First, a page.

PostPosted: Tue Sep 25, 2018 7:36 pm 
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Scotland voted 62% remain, quite decisive. So you can see that Sturgeon would say that the indyref was based on the assumption that the UK was part of the EU and if we leave it would make a case for another vote. Some people might want independence now, in order to rejoin the EU.

The case for another EU referendum vote is based on several things...a campaign full of lies and lawbreaking, a narrow margin and possibly a complete failure to get a deal that gives a good outcome.


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 Post subject: Re: Corbyn's Pilgrimage
PostPosted: Wed Sep 26, 2018 11:11 pm 
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Orwell thought of himself as a member of the 'dissident left', as distinguished from the 'official left', meaning, basically, the British Labour Party, most of which he had come, well before the Second World War, to regard as potentially, if not already, fascist. More or less consciously, he found an analogy between British Labour and the Communist Party under Stalin - both, he felt, were movements professing to fight for the working classes against capitalism but in reality concerned only with establishing and perpetuating their own power. The masses were only there to be used - for their idealism, and to be sold out, again and again.

From:
Introduction by Thomas Pynchon to George Orwell's '1984'.

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 Post subject: Re: Corbyn's Pilgrimage
PostPosted: Sat Sep 29, 2018 10:44 am 
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Poor auld Corbynisky. Just refuses to do his research before spouting into the wind.

- Nationalising the railways will solve all problems -

Pity that - Railtrack - is causing MOST of those problems.

The nationalised bit.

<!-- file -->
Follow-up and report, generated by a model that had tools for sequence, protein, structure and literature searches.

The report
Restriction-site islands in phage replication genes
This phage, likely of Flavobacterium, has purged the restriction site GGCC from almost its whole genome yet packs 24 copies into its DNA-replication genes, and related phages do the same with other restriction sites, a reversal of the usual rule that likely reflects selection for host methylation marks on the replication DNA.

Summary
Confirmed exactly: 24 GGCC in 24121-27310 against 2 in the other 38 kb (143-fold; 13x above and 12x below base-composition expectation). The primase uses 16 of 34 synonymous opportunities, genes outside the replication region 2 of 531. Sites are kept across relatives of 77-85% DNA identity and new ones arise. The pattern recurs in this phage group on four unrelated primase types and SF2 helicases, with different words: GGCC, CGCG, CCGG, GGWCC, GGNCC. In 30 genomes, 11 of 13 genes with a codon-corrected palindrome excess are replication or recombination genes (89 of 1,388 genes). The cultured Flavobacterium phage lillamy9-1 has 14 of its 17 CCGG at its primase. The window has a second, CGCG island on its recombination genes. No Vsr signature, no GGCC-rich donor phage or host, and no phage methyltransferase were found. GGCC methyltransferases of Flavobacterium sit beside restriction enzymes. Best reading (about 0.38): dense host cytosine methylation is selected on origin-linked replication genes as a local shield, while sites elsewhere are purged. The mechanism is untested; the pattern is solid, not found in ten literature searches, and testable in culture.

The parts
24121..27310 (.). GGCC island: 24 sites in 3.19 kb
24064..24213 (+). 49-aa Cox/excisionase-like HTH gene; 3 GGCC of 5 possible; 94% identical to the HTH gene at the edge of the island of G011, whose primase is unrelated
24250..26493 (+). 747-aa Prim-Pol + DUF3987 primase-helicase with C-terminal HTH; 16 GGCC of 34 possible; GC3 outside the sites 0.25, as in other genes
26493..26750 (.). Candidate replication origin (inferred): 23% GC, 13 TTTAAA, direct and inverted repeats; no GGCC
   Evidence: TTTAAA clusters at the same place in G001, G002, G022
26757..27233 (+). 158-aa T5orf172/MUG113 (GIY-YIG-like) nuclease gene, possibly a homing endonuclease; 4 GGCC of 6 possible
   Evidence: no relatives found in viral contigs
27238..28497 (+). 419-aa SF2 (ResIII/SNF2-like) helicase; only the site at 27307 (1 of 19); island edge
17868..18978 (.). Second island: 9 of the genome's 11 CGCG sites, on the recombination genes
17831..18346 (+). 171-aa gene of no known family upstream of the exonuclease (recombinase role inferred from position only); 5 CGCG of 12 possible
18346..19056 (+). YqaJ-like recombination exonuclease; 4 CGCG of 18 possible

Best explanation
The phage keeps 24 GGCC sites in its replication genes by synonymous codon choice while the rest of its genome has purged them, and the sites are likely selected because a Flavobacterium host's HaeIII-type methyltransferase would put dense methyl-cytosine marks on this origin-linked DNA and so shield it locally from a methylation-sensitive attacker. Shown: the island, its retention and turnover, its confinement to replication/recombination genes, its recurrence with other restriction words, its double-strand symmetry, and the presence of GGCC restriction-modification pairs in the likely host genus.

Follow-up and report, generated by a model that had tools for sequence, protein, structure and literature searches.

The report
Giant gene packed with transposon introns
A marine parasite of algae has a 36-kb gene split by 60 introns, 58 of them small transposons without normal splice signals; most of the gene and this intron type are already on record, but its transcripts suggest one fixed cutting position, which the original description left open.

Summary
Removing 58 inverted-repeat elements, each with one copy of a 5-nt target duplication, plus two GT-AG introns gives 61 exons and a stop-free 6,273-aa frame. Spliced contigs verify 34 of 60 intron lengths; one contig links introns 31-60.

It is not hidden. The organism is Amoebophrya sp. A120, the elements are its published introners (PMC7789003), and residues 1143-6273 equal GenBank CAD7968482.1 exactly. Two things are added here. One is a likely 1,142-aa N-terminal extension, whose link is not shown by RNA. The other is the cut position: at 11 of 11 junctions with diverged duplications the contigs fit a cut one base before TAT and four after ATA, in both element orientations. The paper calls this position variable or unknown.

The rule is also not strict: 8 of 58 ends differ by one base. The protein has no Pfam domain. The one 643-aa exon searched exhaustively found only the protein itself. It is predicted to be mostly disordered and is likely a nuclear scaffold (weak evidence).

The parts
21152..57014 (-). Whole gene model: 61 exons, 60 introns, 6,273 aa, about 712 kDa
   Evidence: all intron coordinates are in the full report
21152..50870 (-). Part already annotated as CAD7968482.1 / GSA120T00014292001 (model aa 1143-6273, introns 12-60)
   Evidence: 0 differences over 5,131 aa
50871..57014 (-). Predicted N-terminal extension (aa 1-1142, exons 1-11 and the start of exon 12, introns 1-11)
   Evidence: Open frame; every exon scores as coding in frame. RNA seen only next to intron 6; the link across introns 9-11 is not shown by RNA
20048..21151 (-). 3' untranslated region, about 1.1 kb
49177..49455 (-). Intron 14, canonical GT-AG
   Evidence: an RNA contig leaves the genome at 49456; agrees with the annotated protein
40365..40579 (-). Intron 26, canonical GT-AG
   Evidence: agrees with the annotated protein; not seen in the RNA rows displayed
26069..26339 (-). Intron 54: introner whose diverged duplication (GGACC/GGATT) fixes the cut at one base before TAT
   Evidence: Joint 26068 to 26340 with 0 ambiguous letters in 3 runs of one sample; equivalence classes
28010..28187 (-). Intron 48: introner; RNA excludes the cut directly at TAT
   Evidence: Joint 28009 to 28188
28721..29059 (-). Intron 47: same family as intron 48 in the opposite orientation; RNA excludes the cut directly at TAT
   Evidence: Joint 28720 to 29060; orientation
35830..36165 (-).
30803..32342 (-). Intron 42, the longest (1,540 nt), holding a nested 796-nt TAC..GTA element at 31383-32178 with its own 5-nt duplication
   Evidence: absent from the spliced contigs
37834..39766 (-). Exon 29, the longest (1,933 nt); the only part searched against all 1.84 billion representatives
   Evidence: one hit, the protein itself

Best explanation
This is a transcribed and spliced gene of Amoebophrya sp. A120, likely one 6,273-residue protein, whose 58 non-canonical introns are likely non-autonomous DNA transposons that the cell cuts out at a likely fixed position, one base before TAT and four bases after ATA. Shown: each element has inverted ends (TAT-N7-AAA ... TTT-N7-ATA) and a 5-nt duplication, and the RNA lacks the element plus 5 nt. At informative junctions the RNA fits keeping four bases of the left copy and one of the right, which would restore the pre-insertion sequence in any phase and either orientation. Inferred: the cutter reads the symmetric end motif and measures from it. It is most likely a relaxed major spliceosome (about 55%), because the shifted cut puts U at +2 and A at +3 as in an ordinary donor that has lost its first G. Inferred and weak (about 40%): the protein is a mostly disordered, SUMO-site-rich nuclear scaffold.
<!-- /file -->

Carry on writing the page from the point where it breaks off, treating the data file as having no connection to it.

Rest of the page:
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 Post subject: Re: Corbyn's Pilgrimage
PostPosted: Sat Sep 29, 2018 11:00 am 
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Railtrack is defunct, I think you mean Network Rail? That is an 'arm's length' public body (NDPB), not really what Corbyn would put in place.


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 Post subject: Re: Corbyn's Pilgrimage
PostPosted: Sat Sep 29, 2018 11:25 am 
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Anya wrote:
Poor auld Corbynisky. Just refuses to do his research before spouting into the wind.

- Nationalising the railways will solve all problems -

Pity that - Railtrack - is causing MOST of those problems.

The nationalised bit.

Everybody's largely false memory of British Rail was engineered by the Tories by starving it of funding and investment for years before selling it off. Thus the public would welcome a change. Network Rail (Lighthouse is correct here, you are wrong) is still underfunded. The identified level of investment for the next period was not met by a large margin. NR inherited a bizarre system with modules piggybacking on older modules that are piggybacking on even older modules and so on and so on. It is a system that is guaranteed to be less than reliable and one that needs to be completely ripped out and restarted from scratch but this would be massively, prohibitively let alone operationally prohibitive. So bits are updated piecemeal, as it becomes possible or inevitable, which creates new problems as the new has to somehow mesh with the old. The multiplicity of different private companies involved with the railway, a legacy of the Tory's ludicrous privatisation model, hardly helps the matter. There is often more than one manager responsible for the same piece of work, each looking out for their own companies interests.
At least Corbyn's plan will simplify the management structure and remove waste and stupid expenses. For example, a situation I came across a few years ago in East Anglia - station lighting was contracted to a company based in Nottingham. A platform light was out so they dispatched an operative to replace the bulb, which he did on a nice Sunday, bringing his whole family, making a day of it, all on at the railway's expense. If nationalised, with in house maintenance, that would have been a quick job done in passing onto somewhere else.
Corbyn has said he will nationalise as franchises come up for renewal, avoiding having to pay compensation. I would imagine this would be sped up by enforcing the terms of the franchises which, I am sure, are currently often broken with a blind eye turned by the Department of Transport.